2 – Splatoon
Look, just buy a Wii U already, OK? Poor console. Even Nintendo are waving it goodbye, its successor – codenamed NX – being revealed next year. However, it’s easily got the best selection of exclusive titles out of all the main systems, and Splatoon is worth the price of the console alone. It’s so charming as you dive around spraying squidgy paint everywhere, and also has a lovely story mode that ends with one of the best bosses of all time. Just try getting the soundtrack out of your head.
3 – Grow Home
If game quality was measured by amount of smiles generated, then Grow Home would win by a mile. A simple game, but utterly engrossing. I adored every single minute of controlling my clumsy little robot higher and higher into the stratosphere, growing my gargantuan plant as I went. Just try to hold yourself together when you see your ship – called “MOM” – has pictures of you all over her interior.
4 – Halo 5
The first half of Halo 5 is the best Halo ever. After the disappoint of Halo 4, to see 343i get their version of the magic formula so perfectly right is nothing but pure pleasure. However, frustration creeps in when the game’s structure starts veering towards co-op multiplayer battlegrounds that are tough as nails for a solo player, but the game as a whole is still a revelation. And, as a long-time Halo fanboy, I love how they created their new antagonist. Hopefully Halo 6 will concentrate a little more on single-player.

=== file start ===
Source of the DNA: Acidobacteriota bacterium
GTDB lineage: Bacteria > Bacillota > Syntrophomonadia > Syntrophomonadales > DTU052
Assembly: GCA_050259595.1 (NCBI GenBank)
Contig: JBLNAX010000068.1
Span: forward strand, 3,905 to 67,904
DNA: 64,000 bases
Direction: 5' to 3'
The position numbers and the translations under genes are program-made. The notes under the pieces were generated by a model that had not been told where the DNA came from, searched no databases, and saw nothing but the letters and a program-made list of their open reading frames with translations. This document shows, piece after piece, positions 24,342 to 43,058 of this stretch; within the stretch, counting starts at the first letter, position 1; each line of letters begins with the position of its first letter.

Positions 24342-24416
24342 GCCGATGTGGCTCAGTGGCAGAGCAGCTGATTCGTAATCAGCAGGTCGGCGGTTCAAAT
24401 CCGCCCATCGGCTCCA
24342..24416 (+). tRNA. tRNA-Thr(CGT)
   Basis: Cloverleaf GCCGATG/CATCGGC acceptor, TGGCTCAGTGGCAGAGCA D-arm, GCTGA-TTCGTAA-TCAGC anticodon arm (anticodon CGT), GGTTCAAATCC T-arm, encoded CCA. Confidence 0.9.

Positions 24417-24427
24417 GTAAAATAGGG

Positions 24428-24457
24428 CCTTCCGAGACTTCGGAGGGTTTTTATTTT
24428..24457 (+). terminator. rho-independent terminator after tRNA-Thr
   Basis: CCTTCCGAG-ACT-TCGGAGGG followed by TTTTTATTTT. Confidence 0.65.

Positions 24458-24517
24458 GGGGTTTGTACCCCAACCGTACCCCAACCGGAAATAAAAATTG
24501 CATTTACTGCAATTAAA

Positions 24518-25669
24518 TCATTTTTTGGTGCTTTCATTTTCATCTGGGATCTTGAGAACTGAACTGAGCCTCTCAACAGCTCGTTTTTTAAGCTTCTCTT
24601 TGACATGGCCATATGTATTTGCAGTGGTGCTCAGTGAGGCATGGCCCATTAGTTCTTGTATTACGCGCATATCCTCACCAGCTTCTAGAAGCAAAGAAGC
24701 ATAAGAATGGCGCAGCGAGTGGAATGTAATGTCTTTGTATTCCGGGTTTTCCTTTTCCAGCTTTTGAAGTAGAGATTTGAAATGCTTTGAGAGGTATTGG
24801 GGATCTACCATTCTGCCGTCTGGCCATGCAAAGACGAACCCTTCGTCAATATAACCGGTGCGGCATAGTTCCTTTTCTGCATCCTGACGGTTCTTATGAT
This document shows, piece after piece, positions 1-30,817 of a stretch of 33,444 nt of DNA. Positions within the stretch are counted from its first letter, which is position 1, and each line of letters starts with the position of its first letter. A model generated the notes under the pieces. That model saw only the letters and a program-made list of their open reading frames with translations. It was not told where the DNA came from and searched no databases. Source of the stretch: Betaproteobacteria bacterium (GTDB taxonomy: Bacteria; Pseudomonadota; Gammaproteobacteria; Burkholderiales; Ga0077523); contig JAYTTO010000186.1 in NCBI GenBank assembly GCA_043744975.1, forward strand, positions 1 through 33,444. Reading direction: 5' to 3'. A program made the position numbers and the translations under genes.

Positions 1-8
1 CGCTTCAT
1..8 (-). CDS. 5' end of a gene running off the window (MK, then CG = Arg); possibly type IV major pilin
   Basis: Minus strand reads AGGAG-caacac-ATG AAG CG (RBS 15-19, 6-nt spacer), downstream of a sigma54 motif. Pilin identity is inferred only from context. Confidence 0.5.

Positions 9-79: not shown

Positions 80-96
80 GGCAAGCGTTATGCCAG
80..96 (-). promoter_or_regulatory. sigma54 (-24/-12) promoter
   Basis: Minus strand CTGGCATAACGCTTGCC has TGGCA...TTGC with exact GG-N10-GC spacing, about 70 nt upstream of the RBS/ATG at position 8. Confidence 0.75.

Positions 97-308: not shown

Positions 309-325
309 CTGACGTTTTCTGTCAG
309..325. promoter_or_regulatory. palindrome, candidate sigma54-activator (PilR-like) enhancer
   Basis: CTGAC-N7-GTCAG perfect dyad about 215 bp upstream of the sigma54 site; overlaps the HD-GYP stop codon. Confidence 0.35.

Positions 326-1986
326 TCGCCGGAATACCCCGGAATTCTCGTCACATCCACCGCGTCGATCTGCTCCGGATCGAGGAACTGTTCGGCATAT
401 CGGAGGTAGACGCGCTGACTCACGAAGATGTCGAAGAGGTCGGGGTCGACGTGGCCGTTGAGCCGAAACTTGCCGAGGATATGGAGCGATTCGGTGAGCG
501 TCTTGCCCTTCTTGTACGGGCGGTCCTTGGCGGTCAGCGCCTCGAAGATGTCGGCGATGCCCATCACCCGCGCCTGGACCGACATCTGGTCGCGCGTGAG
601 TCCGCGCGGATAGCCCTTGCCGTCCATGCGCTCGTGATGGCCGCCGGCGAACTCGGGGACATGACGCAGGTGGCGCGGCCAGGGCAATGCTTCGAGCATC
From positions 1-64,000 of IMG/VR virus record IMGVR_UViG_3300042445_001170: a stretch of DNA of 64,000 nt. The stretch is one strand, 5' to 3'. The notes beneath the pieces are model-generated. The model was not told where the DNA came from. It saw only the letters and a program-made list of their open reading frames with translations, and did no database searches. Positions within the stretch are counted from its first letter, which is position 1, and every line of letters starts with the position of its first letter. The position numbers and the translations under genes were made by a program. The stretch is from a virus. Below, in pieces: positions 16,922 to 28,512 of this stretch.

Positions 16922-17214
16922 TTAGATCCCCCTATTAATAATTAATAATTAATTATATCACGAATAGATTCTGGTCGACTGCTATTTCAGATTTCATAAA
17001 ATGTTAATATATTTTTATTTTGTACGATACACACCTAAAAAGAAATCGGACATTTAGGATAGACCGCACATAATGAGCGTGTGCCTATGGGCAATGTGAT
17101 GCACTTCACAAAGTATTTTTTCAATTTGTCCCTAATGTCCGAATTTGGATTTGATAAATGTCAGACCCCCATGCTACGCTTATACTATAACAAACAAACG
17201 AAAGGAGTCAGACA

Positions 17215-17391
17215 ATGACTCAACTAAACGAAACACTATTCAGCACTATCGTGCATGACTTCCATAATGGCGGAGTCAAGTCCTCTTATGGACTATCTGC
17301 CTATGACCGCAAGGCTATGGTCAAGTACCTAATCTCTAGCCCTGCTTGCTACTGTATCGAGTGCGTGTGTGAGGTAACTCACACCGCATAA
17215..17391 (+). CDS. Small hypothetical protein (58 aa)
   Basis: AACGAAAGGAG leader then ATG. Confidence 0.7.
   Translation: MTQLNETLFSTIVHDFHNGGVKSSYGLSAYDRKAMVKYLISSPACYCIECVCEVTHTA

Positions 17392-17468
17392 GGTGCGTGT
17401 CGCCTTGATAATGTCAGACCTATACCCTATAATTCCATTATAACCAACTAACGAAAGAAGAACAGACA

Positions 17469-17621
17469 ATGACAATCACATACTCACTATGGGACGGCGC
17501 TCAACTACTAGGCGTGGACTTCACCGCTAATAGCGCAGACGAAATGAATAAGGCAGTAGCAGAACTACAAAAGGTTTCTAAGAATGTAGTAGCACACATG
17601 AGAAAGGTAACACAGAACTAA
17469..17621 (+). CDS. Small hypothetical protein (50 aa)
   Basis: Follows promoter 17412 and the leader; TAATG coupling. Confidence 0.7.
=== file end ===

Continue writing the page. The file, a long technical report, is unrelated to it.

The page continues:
5 – Nuclear Throne
I usually don’t get on with roguelikes – where the levels are randomly-generated each play – but Vlambeer’s Nuclear Throne is so perfect for quick arcade thrills that it’s easy to love. Great characters, perks and weapons in short, punchy levels means that it’s something I’ve been coming back to time after time. A great fit for the Vita.
Hotline Miami 2
It’s not badly-made – if anything, it’s way more polished than the first title – but success has ruined the formula. Instead of the Pac-Man-like planning and movement of the brutal Hotline Miami, the sequel is stuffed with enemies hiding offscreen with insta-kill guns. The epitome of frustration, and a massive disappointment.